President Trump’s latest ultimatum on the Iran nuclear deal has increased the pressure on congressional negotiators who are trying to write a bill to improve the controversial pact, lawmakers acknowledged after his Friday announcement.
“I think we need to pass something that will put our country in a better position as it relates to what I think is just a horrible deal,” Wisconsin Sen. Ron Johnson, a Republican member of the Foreign Relations Committee, told the Washington Examiner.
Trump pledged to renew nuclear-related sanctions on Iran in 120 days if Congress fails to adopt an aggressive array of provisions targeting the regime’s nuclear and ballistic missile programs. A firmer articulation of the warning he issued in October, it comes months into negotiations between Foreign Relations Committee leaders, which may not get close enough for Trump's liking.
“Members of Congress are negotiating, in good faith, modest and reasonable revisions to [the Iran Nuclear Agreement Review Act] that would allow him to be more comfortable with the agreement,” Sen. Chris Coons, D-Del., another member of the foreign policy panel, told Capitol Hill reporters on Thursday.
Trump eschewed a modest tone in his Friday message to Congress. “Any bill I sign must include four critical components,” he said.
Those provisions include the broader access for international monitors seeking to inspect Iran’s nuclear program, in perpetuity, and a mandate to impose “severe” sanctions on Iran’s ballistic missile program. “If Iran does not comply with any of these provisions, American nuclear sanctions would automatically resume,” he said.
Senate Foreign Relations Chairman Bob Corker maintained a united front with Trump on Friday.
“At the president’s request, I have been working with his national security team and a number of my Senate colleagues on both sides of the aisle on a way to address the flaws in the agreement without violating U.S. commitments,” the Tennessee Republican said. “We have made significant progress over the past few months, and as I told the president when he called earlier today, we will continue working hard to achieve our shared goal: a better deal for America that will stand the test of time and actually prevent a nuclear-armed Iran.”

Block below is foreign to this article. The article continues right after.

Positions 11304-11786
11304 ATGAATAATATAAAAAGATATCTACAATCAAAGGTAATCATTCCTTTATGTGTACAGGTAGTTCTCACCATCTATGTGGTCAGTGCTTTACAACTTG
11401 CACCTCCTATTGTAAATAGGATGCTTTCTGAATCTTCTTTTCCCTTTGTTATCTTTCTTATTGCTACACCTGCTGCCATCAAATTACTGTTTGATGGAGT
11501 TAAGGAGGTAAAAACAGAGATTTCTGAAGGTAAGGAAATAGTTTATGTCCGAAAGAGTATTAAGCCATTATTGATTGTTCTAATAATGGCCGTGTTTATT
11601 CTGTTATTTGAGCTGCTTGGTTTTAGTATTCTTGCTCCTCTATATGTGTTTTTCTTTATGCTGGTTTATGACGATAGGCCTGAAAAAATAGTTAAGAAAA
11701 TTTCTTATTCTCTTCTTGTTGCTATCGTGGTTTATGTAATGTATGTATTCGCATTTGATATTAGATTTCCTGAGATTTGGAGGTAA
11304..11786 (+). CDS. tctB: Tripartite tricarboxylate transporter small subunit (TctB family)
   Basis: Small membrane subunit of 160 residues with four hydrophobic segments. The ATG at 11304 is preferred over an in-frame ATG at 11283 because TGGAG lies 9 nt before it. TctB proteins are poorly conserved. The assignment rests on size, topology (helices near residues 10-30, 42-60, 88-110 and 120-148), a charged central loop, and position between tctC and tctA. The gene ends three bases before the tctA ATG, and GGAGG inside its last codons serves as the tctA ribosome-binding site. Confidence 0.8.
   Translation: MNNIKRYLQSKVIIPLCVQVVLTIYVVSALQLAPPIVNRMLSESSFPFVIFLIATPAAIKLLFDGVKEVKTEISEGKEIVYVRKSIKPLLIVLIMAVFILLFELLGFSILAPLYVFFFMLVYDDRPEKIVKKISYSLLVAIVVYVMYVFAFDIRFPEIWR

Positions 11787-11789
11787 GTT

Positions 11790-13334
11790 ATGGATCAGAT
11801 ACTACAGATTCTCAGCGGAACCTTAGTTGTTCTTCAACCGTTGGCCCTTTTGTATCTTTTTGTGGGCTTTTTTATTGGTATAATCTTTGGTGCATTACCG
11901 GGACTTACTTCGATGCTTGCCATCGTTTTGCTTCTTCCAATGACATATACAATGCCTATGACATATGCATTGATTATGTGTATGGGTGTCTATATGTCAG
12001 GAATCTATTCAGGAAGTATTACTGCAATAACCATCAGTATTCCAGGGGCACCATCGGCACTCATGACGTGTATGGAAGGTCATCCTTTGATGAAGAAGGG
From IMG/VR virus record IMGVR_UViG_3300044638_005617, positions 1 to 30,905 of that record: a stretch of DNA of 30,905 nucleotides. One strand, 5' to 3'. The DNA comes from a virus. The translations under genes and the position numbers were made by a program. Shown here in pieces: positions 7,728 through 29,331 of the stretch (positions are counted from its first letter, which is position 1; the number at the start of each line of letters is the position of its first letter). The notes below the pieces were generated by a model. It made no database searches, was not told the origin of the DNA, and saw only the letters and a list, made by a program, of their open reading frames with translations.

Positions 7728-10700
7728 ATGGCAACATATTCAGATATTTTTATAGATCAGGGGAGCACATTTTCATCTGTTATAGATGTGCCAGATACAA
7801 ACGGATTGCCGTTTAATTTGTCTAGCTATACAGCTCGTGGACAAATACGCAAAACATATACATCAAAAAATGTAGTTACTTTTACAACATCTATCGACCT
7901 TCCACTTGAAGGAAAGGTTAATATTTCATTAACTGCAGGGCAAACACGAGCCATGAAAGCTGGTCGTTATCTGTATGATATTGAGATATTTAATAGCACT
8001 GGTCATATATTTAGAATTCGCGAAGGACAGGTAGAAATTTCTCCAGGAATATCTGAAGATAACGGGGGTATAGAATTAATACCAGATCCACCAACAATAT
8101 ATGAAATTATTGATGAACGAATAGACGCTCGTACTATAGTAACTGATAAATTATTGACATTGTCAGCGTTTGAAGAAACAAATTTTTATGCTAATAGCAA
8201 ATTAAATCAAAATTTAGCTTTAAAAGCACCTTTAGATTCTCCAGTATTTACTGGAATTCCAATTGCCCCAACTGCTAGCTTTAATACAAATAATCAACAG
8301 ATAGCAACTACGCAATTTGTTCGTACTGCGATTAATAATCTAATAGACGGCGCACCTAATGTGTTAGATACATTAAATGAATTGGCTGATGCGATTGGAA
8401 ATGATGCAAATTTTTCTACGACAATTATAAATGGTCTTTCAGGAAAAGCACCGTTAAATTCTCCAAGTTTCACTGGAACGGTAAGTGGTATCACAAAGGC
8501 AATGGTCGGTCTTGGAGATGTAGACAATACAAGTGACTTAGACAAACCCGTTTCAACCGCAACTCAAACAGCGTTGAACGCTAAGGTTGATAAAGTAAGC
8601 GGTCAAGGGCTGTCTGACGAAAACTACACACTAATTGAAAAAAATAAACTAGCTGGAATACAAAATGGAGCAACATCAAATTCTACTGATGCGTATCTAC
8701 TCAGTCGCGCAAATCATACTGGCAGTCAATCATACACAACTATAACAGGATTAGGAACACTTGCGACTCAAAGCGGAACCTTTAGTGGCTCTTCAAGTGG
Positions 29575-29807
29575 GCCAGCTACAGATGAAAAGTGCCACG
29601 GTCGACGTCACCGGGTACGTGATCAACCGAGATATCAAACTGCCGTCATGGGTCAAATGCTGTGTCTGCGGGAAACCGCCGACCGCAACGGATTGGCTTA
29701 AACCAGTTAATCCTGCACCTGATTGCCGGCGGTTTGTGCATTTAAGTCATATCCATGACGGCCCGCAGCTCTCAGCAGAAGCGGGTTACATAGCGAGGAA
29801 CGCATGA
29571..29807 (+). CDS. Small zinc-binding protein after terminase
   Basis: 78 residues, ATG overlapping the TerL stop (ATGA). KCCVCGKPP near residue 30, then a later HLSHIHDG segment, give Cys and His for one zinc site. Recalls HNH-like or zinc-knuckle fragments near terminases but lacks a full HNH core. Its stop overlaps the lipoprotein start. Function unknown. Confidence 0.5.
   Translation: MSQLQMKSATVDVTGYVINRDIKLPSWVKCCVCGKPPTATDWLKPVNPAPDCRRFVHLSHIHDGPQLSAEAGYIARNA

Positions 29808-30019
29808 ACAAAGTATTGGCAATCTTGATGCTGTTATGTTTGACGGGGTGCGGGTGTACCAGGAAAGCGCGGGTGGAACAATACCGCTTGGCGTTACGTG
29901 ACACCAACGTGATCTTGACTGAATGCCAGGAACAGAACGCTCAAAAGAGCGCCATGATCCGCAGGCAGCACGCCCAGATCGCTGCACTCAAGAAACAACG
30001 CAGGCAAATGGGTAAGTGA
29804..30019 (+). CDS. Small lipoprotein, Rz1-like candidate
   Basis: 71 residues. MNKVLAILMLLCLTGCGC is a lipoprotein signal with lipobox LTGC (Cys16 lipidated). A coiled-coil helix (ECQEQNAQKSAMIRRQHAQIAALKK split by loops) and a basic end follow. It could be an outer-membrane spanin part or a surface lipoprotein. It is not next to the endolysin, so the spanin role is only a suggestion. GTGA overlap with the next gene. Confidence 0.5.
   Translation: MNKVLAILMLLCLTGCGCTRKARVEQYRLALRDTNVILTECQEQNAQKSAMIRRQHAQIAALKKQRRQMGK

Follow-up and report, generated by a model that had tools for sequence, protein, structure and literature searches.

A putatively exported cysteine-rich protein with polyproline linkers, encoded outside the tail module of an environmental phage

But his Democratic counterpart on the committee expressed more alarm that Trump would undermine the talks.
“Instead of leading an international negotiation on the agreement himself, however, the president’s statement making threats and dictating final terms of potential negotiations with Congress and Europe makes it more challenging to achieve this objective,” said Sen. Ben Cardin, D-Md.
Johnson expressed hope that Trump’s aggressive rhetoric would strengthen their hand without leading to an ultimate withdrawal from the deal.
“I was very happy with his announcement. I'm very supportive of what I'm hearing in terms of the potential legislation here on the whole Iranian agreement,” Johnson told the Washington Examiner. “And I think you have to give President Trump's bluster a fair amount of credit in terms of, I think we have the possibility of actually improving our position as it relates to that horrible deal.”
But Johnson added that the improvements need to be made in a way that wouldn’t terminate the agreement entirely. That’s because, he explained, Iran has already gotten “everything they wanted” out of the deal, so they have less incentive to remain in compliance with the pact if Trump tries to impose a major change unilaterally.
“Ripping it up makes no sense whatsoever,” Johnson said. “You want to strengthen it without having anybody give Iran cover to not continue to comply, and I believe that is the whole purpose of this effort.”
As lawmakers attempt to thread that needle, they run the risk of appearing soft on Iran by comparison to Trump or other congressional foreign policy makers. That difficulty is heightened in the Senate, where Corker has to develop a bill that can win enough Democratic support to avoid a filibuster.
“The president's announcement undeniably puts pressure on the Senate to start moving, and Corker will be feeling that from both his left and right,” a source close to the congressional negotiations told the Washington Examiner. “But the bigger challenge is going to come from the House, where Republicans are coalescing around competing legislation that's backed by influential Iran hawks."
"The optics are going to be bad for Corker, because it'll look like he's carrying water for Senate Democrats, but it's not just the optics. It's also the mechanics of legislation," he added. "This thing is going to have to be conferenced, which means that at a minimum Senate Republicans will have to take two tough votes on a weak bill that enshrines the Iran deal.”
Johnson hopes that Democratic proponents of the nuclear will leap at anything that discourages Trump from renewing the sanctions that former President Barack Obama agreed to waive.
“If I were a Democrat senator who didn't vote for disapproval of this agreement , I would be all over this legislation,” he said.